(Host) A key legislative committee has voted to maintain Amtrak’s rail passenger service in Vermont for the next nine months, but the future for the state’s two passenger trains is very uncertain.
VPR’s Bob Kinzel reports:
(Kinzel) The state of Vermont has ratified a new short-term passenger rail contract with Amtrak, rather than accept an immediate cut in service. The Legislature last winter allocated $2 million to subsidize the state’s two passenger trains – the Vermonter and the Ethan Allen Express. But Amtrak officials wanted the state to pay as much as $5 million to maintain the trains.
Under the compromise agreement, the state will pay $2 million to keep the trains running for the next nine months and the new Legislature will have the option of extending the contract on a pro rated basis for another three months. Transportation Secretary Brian Searles urged the Joint Fiscal Committee on Friday to accept the compromise:
(Searles) “The advantages of this, as far as we’re concerned, is number one – obviously – it’s within the amount that was appropriated for this purpose. And it gives time to reconsider, based on the policy and budget priorities of the new administration and the new Legislature, and we hope some resolution by Congress to what the future of Amtrak is.”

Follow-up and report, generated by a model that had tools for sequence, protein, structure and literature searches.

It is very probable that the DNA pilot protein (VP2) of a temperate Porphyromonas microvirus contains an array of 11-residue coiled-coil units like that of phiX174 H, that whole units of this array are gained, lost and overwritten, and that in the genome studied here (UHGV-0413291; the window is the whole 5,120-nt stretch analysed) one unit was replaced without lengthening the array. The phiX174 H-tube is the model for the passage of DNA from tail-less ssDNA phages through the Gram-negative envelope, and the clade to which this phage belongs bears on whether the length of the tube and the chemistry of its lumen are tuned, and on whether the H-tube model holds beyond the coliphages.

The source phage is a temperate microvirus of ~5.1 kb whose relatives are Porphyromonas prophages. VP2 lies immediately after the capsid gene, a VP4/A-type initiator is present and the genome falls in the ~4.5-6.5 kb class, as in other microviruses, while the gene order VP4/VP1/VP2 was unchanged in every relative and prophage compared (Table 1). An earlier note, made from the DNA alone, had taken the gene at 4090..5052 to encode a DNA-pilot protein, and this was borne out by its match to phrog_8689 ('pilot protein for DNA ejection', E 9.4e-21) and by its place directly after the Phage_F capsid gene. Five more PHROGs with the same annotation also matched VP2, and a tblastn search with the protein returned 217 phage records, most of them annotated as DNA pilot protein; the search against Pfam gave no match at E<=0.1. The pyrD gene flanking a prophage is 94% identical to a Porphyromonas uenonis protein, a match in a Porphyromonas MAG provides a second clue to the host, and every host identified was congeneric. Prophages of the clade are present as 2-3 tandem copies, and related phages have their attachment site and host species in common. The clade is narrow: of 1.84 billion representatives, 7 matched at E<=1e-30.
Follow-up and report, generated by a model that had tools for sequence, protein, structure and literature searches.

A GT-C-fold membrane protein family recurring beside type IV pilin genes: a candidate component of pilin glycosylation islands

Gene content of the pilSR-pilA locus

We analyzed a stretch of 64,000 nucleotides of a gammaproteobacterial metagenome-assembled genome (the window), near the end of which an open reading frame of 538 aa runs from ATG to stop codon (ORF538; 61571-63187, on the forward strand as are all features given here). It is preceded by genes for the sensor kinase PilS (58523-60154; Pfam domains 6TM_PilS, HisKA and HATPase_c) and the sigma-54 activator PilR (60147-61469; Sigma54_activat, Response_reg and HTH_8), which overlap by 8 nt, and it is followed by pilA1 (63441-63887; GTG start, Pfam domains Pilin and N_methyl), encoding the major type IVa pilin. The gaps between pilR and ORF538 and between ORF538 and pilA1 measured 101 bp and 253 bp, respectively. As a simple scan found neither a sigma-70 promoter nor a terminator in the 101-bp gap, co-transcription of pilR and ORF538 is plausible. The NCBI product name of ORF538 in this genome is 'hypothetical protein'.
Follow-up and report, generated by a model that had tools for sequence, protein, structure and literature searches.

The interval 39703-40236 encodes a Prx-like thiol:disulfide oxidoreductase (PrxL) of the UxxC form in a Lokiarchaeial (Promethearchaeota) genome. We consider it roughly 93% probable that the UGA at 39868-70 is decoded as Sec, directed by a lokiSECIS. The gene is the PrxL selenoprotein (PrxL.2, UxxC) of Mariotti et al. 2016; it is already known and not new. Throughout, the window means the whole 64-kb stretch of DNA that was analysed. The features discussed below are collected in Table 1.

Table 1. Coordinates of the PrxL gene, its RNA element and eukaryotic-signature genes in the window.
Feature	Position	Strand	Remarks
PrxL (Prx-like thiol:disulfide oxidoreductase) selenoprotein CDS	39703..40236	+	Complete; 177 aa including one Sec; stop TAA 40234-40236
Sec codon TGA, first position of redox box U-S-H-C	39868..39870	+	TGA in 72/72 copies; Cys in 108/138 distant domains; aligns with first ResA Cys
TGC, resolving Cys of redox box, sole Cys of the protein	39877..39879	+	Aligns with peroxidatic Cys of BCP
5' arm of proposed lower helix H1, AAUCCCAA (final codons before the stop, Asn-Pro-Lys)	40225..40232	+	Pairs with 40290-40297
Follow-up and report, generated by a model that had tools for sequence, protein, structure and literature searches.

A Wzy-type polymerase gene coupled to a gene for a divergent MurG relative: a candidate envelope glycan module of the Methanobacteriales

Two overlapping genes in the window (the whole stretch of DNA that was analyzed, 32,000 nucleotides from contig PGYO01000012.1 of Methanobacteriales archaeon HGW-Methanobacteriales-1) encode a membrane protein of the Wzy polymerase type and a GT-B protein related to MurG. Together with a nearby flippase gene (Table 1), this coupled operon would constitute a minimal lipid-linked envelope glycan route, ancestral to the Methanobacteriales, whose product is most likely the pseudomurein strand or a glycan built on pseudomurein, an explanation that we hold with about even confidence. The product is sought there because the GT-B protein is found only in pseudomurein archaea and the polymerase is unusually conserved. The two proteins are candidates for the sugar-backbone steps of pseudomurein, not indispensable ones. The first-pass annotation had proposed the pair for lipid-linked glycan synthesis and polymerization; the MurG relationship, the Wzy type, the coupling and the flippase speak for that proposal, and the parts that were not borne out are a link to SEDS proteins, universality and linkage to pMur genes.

(Kinzel) If Amtrak insists on a much higher state subsidy next year, Searles says the Legislature will need to look at some options to the Amtrak deal:
(Searles) “It may involve Amtrak, it may involve feeder service run by some other authority than Amtrak into a smaller Amtrak system. It could mean, if Congress makes this decision, a totally different approach to passenger rail nationwide. But we think it probably is going to be a combination of options that’s supported by some partnerships with other states and what our study is looking at is some partnerships with other states like New York, Connecticut Massachusetts where our service currently runs.”
(Kinzel) The Joint Fiscal Committee also voted to encourage Governor-elect Jim Douglas to fill existing vacancies with the Vermont State Police. It’s possible that the State Police could have as many as 40 unfilled positions by the end of the year due to resignations and retirements.
For Vermont Public Radio, I’m Bob Kinzel in Montpelier.